Trying to keep up with branding and marketing literature is a major challenge. New texts seem to be published weekly. Now there’s a whole new category of literature that uses advances in brain science research to help us explain how consumers respond to advertising. Among other things, this research indicates that the confidence marketers have traditionally placed in focus group methodology has been based on a number false assumptions including the following: 1. Consumers think in well-reason, linear ways to evaluate products and services; 2. Consumers can reasonably explain their emotions, feeling, preferences and behaviors – and translate them into words; and 3. Consumers’ memories are accurate reflections of their experience.
According to Gerald Zaltman, in his book How Customers Think: Essential Insights into the Mind of the Market, the reality for consumers is really quite different. We live in a world where emotions and desires play a larger role than logical decision-making. As consumers, much of our thinking takes place on a subconscious level, making it difficult for focus group participants to explain their behaviors. And our memories of what led us to make specific choices are far from perfect.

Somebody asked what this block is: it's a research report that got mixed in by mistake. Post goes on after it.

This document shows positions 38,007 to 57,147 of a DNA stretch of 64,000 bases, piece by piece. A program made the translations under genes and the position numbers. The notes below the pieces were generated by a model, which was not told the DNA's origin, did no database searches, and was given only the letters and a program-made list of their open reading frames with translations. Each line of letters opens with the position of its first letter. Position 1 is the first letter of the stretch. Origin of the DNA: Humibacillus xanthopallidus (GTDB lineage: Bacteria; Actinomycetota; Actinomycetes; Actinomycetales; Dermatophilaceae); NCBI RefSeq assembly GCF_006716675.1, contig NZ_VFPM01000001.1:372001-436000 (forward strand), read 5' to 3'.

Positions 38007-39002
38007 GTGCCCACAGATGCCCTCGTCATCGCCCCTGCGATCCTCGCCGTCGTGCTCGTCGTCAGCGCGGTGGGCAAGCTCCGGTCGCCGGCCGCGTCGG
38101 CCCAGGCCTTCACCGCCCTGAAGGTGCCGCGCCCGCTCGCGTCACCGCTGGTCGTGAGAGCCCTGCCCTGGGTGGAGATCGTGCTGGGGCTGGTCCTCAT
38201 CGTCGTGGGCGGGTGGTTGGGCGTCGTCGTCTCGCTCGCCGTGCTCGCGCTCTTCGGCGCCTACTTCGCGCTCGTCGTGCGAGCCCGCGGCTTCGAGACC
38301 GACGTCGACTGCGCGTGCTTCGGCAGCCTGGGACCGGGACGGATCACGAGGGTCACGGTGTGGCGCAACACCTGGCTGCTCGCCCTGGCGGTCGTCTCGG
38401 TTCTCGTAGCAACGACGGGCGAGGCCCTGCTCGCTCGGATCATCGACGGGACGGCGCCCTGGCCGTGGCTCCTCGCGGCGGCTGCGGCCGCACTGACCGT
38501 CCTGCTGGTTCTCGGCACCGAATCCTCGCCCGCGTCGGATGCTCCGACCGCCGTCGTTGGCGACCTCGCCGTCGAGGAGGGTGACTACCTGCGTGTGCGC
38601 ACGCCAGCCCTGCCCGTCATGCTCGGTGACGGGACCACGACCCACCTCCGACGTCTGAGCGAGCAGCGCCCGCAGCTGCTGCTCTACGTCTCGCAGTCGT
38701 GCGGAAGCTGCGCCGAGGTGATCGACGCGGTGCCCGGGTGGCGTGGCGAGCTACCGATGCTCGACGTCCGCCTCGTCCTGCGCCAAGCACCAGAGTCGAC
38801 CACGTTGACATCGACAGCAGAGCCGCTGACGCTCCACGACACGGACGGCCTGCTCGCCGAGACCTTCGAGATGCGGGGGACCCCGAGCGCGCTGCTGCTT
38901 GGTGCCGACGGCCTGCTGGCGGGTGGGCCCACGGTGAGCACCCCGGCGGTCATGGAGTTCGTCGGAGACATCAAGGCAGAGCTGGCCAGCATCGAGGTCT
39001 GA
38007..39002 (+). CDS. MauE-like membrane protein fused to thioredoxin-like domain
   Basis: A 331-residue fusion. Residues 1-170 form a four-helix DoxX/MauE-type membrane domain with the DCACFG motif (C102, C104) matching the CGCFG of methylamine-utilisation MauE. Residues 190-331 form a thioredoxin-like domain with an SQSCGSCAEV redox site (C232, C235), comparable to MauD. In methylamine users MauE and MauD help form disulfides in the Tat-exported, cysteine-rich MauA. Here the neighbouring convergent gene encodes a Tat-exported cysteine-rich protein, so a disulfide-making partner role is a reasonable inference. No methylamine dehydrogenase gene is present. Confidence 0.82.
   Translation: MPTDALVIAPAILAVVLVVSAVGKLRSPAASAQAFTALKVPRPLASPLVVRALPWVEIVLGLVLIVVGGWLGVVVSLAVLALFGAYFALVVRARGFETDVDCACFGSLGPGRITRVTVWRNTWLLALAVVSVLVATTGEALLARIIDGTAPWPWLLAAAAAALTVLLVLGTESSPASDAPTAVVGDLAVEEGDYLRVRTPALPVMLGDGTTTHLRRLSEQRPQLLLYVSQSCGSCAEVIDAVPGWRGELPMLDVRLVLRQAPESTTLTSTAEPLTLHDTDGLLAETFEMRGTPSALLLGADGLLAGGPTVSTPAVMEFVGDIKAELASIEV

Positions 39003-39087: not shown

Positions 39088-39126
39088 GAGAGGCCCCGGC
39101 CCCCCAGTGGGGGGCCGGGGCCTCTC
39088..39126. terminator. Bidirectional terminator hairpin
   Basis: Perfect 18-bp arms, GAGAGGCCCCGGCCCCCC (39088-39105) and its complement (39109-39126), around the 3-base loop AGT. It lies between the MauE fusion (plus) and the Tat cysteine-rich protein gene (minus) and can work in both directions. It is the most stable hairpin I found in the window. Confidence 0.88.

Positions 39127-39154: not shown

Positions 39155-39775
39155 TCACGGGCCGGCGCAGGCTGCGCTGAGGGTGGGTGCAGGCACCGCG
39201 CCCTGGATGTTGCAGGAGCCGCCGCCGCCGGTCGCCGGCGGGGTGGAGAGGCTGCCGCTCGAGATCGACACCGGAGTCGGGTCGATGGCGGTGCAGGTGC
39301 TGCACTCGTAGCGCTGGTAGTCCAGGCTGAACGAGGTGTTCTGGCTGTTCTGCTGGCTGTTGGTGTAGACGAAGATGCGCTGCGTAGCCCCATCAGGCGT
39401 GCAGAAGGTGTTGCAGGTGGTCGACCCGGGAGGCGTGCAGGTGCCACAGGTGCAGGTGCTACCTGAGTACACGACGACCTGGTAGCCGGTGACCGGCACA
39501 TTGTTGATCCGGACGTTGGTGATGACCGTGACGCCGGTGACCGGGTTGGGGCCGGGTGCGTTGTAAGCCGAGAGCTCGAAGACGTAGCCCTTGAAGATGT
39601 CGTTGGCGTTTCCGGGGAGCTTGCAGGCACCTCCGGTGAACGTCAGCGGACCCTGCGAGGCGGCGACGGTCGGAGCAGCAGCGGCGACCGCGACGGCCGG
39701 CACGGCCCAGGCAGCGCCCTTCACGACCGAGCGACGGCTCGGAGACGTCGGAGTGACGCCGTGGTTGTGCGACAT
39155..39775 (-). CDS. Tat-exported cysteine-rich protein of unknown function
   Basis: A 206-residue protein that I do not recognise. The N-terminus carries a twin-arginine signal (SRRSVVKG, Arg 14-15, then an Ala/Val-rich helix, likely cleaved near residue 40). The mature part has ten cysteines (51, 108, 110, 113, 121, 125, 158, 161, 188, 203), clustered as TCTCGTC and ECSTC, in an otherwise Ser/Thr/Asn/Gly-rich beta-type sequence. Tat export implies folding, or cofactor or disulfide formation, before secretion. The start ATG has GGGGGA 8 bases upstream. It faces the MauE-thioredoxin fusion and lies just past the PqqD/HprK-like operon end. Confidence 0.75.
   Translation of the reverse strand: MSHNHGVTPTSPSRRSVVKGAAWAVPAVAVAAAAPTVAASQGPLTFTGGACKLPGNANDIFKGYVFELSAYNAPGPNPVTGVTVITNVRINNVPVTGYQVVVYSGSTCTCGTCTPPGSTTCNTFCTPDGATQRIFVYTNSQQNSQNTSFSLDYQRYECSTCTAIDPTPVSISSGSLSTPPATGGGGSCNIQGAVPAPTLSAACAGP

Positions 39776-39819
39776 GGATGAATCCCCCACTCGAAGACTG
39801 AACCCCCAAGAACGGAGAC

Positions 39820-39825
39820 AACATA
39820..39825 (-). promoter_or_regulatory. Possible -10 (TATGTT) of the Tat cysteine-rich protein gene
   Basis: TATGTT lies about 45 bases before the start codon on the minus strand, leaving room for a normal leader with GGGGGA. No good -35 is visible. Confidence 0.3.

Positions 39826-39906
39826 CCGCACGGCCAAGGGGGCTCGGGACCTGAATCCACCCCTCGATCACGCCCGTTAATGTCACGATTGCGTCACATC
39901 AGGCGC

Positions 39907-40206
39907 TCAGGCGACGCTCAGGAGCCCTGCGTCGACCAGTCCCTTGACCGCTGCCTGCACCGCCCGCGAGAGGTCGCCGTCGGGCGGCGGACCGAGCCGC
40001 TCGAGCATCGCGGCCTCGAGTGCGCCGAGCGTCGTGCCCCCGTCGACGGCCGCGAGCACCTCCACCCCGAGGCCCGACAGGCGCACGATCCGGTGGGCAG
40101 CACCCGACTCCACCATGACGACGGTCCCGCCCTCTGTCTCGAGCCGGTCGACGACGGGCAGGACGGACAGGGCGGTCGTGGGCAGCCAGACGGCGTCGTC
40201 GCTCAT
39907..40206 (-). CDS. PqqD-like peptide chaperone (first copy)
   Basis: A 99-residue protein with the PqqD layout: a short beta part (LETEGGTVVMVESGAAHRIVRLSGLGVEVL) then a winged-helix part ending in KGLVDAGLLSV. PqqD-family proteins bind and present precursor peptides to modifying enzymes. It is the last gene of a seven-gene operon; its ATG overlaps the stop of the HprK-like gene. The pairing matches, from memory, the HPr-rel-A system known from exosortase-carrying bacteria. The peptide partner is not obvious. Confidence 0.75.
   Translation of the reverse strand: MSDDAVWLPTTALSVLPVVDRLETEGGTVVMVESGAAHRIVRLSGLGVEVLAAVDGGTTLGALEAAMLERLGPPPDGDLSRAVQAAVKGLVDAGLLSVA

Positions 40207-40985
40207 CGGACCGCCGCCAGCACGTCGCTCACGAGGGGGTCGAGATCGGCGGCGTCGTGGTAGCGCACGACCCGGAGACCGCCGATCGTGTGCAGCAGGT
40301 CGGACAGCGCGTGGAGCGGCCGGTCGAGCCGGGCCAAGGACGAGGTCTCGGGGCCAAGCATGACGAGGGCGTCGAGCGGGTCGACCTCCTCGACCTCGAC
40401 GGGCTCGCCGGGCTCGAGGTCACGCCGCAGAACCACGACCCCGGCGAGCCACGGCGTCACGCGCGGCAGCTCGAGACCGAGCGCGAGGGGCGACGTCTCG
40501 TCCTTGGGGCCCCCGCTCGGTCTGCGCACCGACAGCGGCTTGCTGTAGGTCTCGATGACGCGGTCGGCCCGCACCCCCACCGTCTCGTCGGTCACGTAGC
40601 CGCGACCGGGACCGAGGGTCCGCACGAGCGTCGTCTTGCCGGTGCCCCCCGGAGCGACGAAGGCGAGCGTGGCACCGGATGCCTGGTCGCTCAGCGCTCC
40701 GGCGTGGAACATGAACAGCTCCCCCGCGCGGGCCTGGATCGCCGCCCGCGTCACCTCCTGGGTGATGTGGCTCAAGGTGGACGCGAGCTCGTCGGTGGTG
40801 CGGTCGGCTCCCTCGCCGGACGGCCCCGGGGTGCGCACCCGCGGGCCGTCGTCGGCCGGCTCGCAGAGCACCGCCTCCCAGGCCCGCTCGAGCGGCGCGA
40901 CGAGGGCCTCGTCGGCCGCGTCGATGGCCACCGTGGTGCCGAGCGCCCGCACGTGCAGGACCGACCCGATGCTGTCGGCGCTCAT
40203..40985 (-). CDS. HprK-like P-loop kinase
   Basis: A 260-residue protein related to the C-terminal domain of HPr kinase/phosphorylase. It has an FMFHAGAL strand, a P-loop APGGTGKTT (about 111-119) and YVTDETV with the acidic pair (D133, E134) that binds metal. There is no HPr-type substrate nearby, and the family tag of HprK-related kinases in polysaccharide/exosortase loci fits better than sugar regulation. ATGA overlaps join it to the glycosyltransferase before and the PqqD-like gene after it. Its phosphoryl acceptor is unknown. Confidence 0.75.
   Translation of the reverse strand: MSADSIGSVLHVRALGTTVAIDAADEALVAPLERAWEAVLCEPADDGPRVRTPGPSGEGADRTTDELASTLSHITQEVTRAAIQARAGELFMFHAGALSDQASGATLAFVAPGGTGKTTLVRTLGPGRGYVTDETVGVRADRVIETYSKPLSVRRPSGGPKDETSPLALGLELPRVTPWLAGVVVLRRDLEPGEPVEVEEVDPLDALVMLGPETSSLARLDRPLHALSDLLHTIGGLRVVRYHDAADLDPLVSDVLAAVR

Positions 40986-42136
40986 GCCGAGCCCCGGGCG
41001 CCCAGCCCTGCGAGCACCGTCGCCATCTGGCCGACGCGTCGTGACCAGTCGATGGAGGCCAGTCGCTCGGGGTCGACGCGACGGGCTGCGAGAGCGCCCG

A great place to learn more about current thinking on the limits of traditional focus groups and some reliable methods for tapping into consumer insights is Zaltman’s book. This is not to say that focus group research is dead, but rather that the methods used within focus groups need to be reconsidered in light of this information.
If done thoughtfully, focus groups should give us insights into consumers’ motivations and values. Ultimately, we want the marketing that we produce to engage the consumer by explaining how the product or service fits within his or her life. To do that, you have to develop a deeper understanding of his or her life and values. Consider using focus group methodologies where the moderator engages the group in exercises that allow the participants to express themselves emotionally and creatively. Exercises such as collage building, brand personification, brand association and adjective pairing all take consumers out of the role of “reporters” and free them to be themselves, perhaps even tapping into some of those values and cultural elements that impact their decision-making.
You might even consider taking the focus group out of the formal focus group room and holding it as a cook-out in someone’s backyard or in the form of a cocktail party. Getting the participants to relax and forget themselves is one of the keys to tapping into meaningful insights that can guide your marketing.